he never had. ‘I left school for this work. My father couldn’t afford to keep me there,’ he explained. ‘But now I’m making enough money to support my family.’ When the pickers finished their work, they bundled the flowers into bulging sarongs and hauled them across to a small tin shack, where two men were busy setting up distillation equipment. One was sealing metal pipes with fabric and tire rubber to make them airtight and fitting them into place around a large metal still, while his colleague threw logs of mango wood into the blazing furnace underneath. There was little time to lose. To ensure the best-quality oil, ylang-ylang flowers must be picked early in the morning when their fragrance is at its strongest and then distilled as quickly as possible.
As the process got underway, Abolou explained that his set-up could distill batches of 230 kilograms of flowers at a time, in a process that lasted some 24 hours. To generate and maintain sufficient heat, he burned through an entire truckload of wood each time he did this. The output: around five litres of sweetsmelling essential oil that ranged in quality from high to low as the distillation process continued.
Despite being one of the poorest nations on Earth, Comoros has dominated the world supply of ylang-ylang essential oil
The Cananga odorata plant originates in South East Asia. Its common name, ylang-ylang, which translates roughly as ‘flower of flowers’, comes from the Tagalog language of the Philippines. But it’s here in the Comoros that the species has achieved truly iconic status. Airlines, travel agents, shops and hotels are named after it, and its distinctive floppy yellow flowers adorn everything from postage stamps to banknotes. Yet as a commodity, it has long been neglected by the Comorian government and the industry has gained a reputation for being opaque and unregulated. Taxation on exports has been extremely low, doing little to boost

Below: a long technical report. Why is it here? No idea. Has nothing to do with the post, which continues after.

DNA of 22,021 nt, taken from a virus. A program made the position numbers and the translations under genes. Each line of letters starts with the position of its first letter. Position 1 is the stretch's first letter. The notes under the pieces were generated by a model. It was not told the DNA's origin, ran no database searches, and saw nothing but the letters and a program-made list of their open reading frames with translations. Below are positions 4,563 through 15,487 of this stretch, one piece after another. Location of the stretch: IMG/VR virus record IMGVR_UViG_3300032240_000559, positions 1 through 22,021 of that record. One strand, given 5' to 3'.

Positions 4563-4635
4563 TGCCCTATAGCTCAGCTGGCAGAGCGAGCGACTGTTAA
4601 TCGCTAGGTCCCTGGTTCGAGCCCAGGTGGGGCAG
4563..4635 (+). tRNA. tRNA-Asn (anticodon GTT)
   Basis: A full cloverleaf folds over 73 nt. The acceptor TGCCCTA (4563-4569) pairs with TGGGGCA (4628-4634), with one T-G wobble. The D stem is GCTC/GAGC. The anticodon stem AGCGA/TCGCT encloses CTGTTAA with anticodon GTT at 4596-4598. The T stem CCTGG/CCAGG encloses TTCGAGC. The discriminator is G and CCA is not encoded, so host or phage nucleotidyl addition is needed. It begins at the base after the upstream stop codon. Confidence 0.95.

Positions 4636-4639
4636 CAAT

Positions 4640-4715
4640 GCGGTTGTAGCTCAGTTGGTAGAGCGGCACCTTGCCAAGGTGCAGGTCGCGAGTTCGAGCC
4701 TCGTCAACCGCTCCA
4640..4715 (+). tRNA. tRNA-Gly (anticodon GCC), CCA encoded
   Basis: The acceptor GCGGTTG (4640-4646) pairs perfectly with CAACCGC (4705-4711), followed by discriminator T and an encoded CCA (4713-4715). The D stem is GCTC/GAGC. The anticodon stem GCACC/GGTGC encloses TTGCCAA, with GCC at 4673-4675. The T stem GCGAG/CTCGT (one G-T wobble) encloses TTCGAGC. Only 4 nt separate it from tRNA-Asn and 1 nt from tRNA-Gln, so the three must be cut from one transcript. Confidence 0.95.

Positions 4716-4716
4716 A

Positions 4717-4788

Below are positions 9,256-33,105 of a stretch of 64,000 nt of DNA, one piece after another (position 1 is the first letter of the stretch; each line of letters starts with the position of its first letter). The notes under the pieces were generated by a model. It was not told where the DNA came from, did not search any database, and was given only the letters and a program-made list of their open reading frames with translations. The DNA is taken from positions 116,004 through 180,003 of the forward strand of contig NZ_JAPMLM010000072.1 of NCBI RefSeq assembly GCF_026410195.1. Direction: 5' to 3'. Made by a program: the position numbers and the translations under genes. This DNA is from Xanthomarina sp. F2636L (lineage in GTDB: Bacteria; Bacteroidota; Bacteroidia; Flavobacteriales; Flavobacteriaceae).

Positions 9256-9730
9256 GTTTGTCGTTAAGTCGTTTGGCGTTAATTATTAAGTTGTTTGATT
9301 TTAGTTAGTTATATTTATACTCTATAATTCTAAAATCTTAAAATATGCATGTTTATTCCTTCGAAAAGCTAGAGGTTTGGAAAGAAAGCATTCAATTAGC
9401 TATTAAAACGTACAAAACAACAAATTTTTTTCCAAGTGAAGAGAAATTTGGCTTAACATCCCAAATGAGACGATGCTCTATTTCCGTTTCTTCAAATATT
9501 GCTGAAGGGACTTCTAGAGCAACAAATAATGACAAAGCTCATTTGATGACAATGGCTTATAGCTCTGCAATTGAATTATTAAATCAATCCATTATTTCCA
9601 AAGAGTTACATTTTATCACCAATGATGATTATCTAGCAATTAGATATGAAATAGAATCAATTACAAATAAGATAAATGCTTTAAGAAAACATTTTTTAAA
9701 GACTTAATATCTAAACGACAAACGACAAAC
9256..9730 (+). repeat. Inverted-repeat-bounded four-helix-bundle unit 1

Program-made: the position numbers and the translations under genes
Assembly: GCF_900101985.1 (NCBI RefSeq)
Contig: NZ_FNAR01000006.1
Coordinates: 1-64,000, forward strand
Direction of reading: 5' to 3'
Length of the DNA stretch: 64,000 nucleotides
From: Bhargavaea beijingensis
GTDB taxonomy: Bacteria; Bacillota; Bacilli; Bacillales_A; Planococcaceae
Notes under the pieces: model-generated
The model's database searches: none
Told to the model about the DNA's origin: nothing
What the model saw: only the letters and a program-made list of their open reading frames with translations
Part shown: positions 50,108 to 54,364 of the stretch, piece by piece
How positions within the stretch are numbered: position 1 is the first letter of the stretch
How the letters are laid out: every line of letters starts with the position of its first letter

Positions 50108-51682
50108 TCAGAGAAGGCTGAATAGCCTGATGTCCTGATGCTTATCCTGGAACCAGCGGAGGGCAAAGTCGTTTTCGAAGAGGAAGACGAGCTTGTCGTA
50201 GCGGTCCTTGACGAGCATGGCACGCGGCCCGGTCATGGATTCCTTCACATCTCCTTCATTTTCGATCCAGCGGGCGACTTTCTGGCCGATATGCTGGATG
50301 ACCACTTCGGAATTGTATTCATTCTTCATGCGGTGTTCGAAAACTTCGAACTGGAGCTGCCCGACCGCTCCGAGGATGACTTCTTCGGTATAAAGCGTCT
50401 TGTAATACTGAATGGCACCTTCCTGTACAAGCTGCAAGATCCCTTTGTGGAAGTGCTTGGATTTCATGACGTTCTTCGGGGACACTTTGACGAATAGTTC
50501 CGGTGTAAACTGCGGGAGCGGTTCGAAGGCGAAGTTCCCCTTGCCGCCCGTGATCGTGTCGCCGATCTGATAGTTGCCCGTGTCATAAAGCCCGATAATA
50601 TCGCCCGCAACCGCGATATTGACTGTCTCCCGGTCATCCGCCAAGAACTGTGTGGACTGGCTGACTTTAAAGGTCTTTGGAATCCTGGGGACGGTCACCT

the country’s perpetually cash-strapped coffers. In an interview in 2019, the deputy governor of Anjouan, Mohamed Said Musa, estimated that just three out of every ten litres of essential oil reached the customs authorities. Consequently, the nation’s dominance of the crop has done less than might have been hoped to drag it out of poverty.
Musa also blamed the preponderance of cash crops such as ylang-ylang, with their lure of quick riches, for leaving the country entirely dependent on imports to feed its 800,000 citizens. And besides, he said, even in the good times, the Comoros doesn’t derive a fair share of the profits from such crops, which go on to form the basis of extremely expensive products.
Even so, at the peak of the goldrush, a single litre of Tohedine Abolou’s best quality oil could net him well over £400, the equivalent of roughly four months’ salary for the average Comorian. But today, just two years later, flowers across the Comoros are being left to wilt and die on the tree, their value almost entirely gone.
The global market in aromatic crops is notoriously volatile. In recent years, vanilla, lavandine, patchouli and others have all suffered significant price swings that have hit producers hard. At the peak of a recent vanilla boom in neighbouring Madagascar, vanilla pods were briefly worth more than their weight in silver, before the price started to tumble. But these fluctuations pale into insignificance when compared with the rollercoaster ride of ylang-ylang, whose price increased by a factor of 25 in just five years, before plunging back down again to the point where it’s now barely worth harvesting.
‘It’s very difficult,’ says Marie Azihari, a consultant for the Bernardi Group, one of the main buyers of Comorian essential oils, who also sits on the board of local charity Deux Mains which works to develop a sustainable ylang-ylang production chain. ‘Their produce is selling for a very low price, so it’s very bad… Some have stopped picking.’